Many of us have read books on biblical leadership in which the author dazzles us with his own amazing leadership accomplishments. These leaders are inspiring in the same way Gulliver inspired the Lilliputians—we want to be bigger and better than we are.
Peter Lillback, president and professor of historical theology at Westminster Theological Seminary in Philadelphia, is a man who could write a Gulliveresque leadership book, given his impressive educational and administrative credentials. Instead, Lillback wrote Saint Peter’s Principles: Leadership for Those Who Already Know Their Incompetence, a book that makes the reader feel like Lillback sees himself as one of us. How? By drawing principle after principle (128 to be exact) from the life, writing, and example of the apostle Peter, the pro exemplar of Christian leadership failure and success.
Each of the 128 principles are a few pages in length and include questions for meditation and discussion. These are grouped in general categories, such as formation of the leader, the art of leadership, a leader’s relationships, integrity, and many others. The format feels like “Chicken Soup for the Leader”—and there is a lot of soup between the covers.
Acknowledging Pastoral Failure
Lillback’s greatest strength is his humility as he writes about his own struggles with the demands of spiritual leadership. His starting point is human weakness, which he calls “incompetence,” and then he moves to divine leadership redemption. Turning the well-known leadership principle on its head, he asserts that “a leader doesn’t just rise to his highest level of incompetence, but begins with incompetence and seeks to learn wisdom in the midst of that incompetence” (14). This plays itself out in Peter’s life as he went from Peter the Boaster/Denier to Peter the Apostle/Martyr.
This approach to leadership is honest, refreshing, and relatable. For many years, the staff at my church has both joked about and considered hosting a pastoral conference on failure. Few of us can relate to the pantheon of mega-pastors in their amazing successes, but how many thousands of pastors could helpfully relate to guest speakers in their failures? Lillback seems comfortable in this space of inadequacy. Yet, rather than wallowing, he looks to Peter’s incompetence as a basic model for the humility required for any leadership success:
In this comprehensive handbook, Peter Lillback, president of Westminster Theological Seminary, uses the apostle Peter’s life and writings to guide men and women through the details and daily challenges of leadership in any arena. Readers will think through their relationships, productivity, management style, communication, decision-making, conflict resolution, integrity, and more. Practical spiritual exercises help to put the lessons of each short chapter into action.
The incompetence of a leader here is seen in the narcissistic impulse that lurks within to believe that it’s all about us. We all have the built-in hubris to confuse the offices we occupy with ourselves, just as followers have a tendency to confuse the message with the messenger. (102)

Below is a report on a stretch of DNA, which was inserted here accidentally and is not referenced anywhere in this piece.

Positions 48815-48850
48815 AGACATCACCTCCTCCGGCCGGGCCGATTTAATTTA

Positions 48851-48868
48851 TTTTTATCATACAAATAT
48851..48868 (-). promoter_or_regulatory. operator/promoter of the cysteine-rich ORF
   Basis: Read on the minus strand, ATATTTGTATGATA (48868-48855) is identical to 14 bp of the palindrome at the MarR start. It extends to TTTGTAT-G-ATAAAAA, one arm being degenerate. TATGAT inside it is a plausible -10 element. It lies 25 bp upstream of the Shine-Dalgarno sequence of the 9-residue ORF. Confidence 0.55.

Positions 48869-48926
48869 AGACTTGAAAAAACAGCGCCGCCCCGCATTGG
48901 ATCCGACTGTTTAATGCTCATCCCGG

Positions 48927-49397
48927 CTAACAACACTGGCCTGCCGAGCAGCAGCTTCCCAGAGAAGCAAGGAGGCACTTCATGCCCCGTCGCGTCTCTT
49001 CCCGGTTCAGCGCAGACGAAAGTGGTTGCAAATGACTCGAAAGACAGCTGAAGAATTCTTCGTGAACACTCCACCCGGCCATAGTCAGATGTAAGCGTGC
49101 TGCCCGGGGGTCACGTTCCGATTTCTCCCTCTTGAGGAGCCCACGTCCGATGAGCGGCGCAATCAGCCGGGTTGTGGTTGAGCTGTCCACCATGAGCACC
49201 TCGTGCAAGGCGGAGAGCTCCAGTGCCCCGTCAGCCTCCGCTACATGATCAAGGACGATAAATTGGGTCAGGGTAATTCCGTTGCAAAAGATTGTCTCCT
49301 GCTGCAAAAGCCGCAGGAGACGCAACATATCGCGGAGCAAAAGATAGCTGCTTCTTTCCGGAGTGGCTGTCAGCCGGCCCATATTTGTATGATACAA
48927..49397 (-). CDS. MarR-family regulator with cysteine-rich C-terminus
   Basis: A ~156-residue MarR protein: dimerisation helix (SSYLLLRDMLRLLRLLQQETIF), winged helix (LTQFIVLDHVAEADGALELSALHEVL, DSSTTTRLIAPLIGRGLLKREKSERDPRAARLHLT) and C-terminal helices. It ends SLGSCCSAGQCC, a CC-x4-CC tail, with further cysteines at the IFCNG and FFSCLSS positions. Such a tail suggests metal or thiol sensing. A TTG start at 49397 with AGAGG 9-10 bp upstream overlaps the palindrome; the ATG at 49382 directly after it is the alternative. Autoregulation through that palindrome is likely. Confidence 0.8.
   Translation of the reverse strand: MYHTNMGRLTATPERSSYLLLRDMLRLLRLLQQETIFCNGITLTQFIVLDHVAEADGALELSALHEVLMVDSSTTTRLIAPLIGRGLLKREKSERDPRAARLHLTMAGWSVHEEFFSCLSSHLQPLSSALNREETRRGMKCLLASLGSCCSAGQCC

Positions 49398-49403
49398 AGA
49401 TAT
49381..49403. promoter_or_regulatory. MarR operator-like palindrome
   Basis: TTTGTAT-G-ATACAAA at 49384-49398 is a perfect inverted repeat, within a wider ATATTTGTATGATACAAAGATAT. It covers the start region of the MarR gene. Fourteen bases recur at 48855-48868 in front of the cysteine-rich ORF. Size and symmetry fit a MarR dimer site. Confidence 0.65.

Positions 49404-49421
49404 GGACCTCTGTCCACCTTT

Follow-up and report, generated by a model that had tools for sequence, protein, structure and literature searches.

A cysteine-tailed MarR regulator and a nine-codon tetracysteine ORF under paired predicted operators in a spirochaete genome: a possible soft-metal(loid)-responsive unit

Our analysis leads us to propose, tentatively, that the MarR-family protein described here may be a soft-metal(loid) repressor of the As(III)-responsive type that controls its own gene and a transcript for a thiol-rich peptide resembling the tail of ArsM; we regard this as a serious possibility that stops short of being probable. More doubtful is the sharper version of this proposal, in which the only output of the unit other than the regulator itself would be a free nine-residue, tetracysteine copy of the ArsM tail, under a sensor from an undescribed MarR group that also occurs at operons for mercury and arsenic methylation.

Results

Embracing Servant Leadership
Lillback’s call to humble acknowledgment of our shortfalls allows him to speak graciously into our leadership struggles. Like a coach ever at the ready to help, Saint Peter’s Principles is filled with philosophical and practical guidance. The more I read this book, the more I was blessed, and the more I liked it. Here are a few more gems:
This, then, is the beginning of leadership success, according to St. Peter. It is when a man, knowing his incompetence, nevertheless seeks to meet his deficiencies through God’s gracious gift of wisdom found in his Word. (8)
The St. Peter’s Principle here recognizes that leadership necessarily uses power to serve someone, but that the power of leadership should be used to serve others. Power wisely used is a tool, not an idol. (100)
The plethora of leadership quotes and stories along with the insights from Peter show an astonishing depth of leadership thoughtfulness from this seasoned spiritual leader. Any leader, spiritual or otherwise, would benefit from Lillback’s wisdom. The length of the book (around 600 pages) will likely intimidate many, but the format provides a fork for those willing to eat the elephant. While reading I was regularly brought to conviction and confession for failures in my own leadership. This embrace of my “incompetence” was cathartic and had its inspiring effect as the apostle Peter and Lillback pointed me again to competence flowing from gospel humility and servant leadership.
Like most other pastors, I’m more committed to the theory of servant leadership than proficient in the application. This book inspired me biblically while directing me practically. This is a rare combination, and I suspect Lillback himself to be an exceptional mixture of the two. This countercultural leadership book will be relevant for as long as leaders stumble, struggle, and fail. In other words, until Jesus returns.